Multiracial marriages have been rising dramatically. In 1960 (before federal statistics enumerated Hispanics and before the 1965 legislation that opened up immigration to more countries) multiracial marriages constituted only 0.4 percent of all U.S. marriages. That figure increased to 3.2 percent in 1980 and to 8.4 percent in 2010. More than one in seven newlywed couples are now multiracial.

Amid this overall increase, the propensity to marry out of one’s racial or ethnicity varies. Among recently married whites, 17 percent were married to someone of another race, but for Hispanics and Asians, more than four in ten recent marriages are multiracial. Among minorities,blacks continues to have the lowest prevalence of multiracial marriages, a legacy of the anti-miscegenation statutes that persisted in 16 states until 1967, when the Supreme Court declared them unconstitutional in the landmark Loving v. Virginia decision. It was only after this ruling in the post–civil rights environment that black multiracial marriages began to rise noticeably, but among recent, typically younger marriages involving blacks, nearly three in ten were multiracial marriages, signaling an important breakthrough in the long history of black marital endogamy.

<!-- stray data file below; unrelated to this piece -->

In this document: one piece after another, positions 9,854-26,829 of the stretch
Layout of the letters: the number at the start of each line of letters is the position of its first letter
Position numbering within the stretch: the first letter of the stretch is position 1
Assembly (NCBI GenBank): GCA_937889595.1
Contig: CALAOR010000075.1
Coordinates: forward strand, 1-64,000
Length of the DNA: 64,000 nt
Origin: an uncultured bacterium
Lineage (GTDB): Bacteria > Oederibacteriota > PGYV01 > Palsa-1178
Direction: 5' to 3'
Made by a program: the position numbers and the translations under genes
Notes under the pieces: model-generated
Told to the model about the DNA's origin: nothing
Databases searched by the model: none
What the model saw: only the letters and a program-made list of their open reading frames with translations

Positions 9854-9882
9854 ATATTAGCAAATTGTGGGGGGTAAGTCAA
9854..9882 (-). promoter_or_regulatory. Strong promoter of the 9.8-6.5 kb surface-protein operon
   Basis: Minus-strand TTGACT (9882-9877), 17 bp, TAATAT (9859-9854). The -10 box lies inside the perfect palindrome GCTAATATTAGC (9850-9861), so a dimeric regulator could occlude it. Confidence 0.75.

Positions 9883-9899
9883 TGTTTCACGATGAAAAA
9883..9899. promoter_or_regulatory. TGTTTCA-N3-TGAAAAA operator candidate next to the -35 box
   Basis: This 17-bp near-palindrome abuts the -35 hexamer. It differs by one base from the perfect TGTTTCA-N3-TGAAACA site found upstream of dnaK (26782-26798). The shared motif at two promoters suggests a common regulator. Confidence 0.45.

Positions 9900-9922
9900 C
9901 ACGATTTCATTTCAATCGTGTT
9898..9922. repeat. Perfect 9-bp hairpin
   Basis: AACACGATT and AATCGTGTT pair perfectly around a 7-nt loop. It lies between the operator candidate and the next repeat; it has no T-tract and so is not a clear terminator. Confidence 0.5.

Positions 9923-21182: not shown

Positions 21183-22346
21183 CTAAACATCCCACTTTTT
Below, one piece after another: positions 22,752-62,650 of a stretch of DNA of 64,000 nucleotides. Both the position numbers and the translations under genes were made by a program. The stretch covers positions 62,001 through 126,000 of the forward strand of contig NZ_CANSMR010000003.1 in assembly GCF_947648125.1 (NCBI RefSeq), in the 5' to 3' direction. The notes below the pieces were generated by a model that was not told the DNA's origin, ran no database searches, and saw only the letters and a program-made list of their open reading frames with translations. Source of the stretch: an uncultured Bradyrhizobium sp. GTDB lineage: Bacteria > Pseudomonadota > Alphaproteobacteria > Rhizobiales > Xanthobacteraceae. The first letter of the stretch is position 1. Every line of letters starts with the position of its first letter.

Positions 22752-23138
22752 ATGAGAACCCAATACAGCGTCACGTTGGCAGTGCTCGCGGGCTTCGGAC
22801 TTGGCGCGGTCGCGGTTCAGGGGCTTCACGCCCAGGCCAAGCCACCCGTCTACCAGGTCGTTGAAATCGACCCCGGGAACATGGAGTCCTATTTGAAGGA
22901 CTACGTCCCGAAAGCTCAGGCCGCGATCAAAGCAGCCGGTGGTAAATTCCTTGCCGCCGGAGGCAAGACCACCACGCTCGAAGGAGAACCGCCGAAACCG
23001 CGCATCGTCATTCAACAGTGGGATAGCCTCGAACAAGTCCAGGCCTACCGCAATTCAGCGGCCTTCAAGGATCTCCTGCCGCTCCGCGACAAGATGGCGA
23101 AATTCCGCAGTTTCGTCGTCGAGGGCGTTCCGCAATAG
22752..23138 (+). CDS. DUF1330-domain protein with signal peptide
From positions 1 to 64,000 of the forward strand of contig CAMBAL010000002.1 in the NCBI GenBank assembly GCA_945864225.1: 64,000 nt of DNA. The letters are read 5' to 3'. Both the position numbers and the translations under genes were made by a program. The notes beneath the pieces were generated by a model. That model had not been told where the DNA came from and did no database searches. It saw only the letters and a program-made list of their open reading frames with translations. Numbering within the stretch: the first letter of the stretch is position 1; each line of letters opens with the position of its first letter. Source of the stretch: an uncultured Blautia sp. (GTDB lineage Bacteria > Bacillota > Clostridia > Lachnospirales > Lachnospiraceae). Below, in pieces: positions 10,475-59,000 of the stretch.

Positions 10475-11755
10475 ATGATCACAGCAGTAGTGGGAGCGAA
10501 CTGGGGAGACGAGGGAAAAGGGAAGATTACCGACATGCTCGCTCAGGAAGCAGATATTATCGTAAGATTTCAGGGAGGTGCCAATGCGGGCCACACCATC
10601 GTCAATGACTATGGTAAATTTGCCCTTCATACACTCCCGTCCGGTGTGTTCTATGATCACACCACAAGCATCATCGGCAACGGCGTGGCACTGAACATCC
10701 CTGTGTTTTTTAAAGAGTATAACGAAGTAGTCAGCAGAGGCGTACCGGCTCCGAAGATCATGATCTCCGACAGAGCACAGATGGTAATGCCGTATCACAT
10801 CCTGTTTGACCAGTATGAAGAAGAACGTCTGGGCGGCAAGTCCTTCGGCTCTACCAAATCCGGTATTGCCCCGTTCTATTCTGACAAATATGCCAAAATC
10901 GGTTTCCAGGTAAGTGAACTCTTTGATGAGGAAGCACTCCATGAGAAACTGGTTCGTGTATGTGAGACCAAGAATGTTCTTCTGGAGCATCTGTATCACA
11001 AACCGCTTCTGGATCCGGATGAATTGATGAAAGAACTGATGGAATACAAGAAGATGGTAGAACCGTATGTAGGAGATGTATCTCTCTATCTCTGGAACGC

Especially noteworthy is the rise in white-black multiracial marriages: In 1960, white-black marriages amounted to only 1.7 percent of all black same-race marriages, but in 2010, they amounted to 12 percent. White-black relationships are even more prevalent among recent cohabiting couples…

Read the entire article here.

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Diversity Explosion: How New Racial Demographics are Remaking America

Posted in Asian Diaspora, Books, Census/Demographics, Latino Studies, Media Archive, Monographs, Politics/Public Policy, United States on 2014-11-19 23:47Z by Steven

Diversity Explosion: How New Racial Demographics are Remaking America

Brookings Institution Press
2014-11-19
212 pages
Hardcover ISBN: 9780815725589
Paperback ISBN: 9780815725596
Ebook ISBN: 9780815726357

William H. Frey, Senior Fellow
Metropolitan Policy Program
Brookings Institution, Washington, D.C.

At its optimistic best, America has embraced its identity as the world’s melting pot. Today it is on the cusp of becoming a country with no racial majority, and new minorities are poised to exert a profound impact on U.S. society, economy, and politics.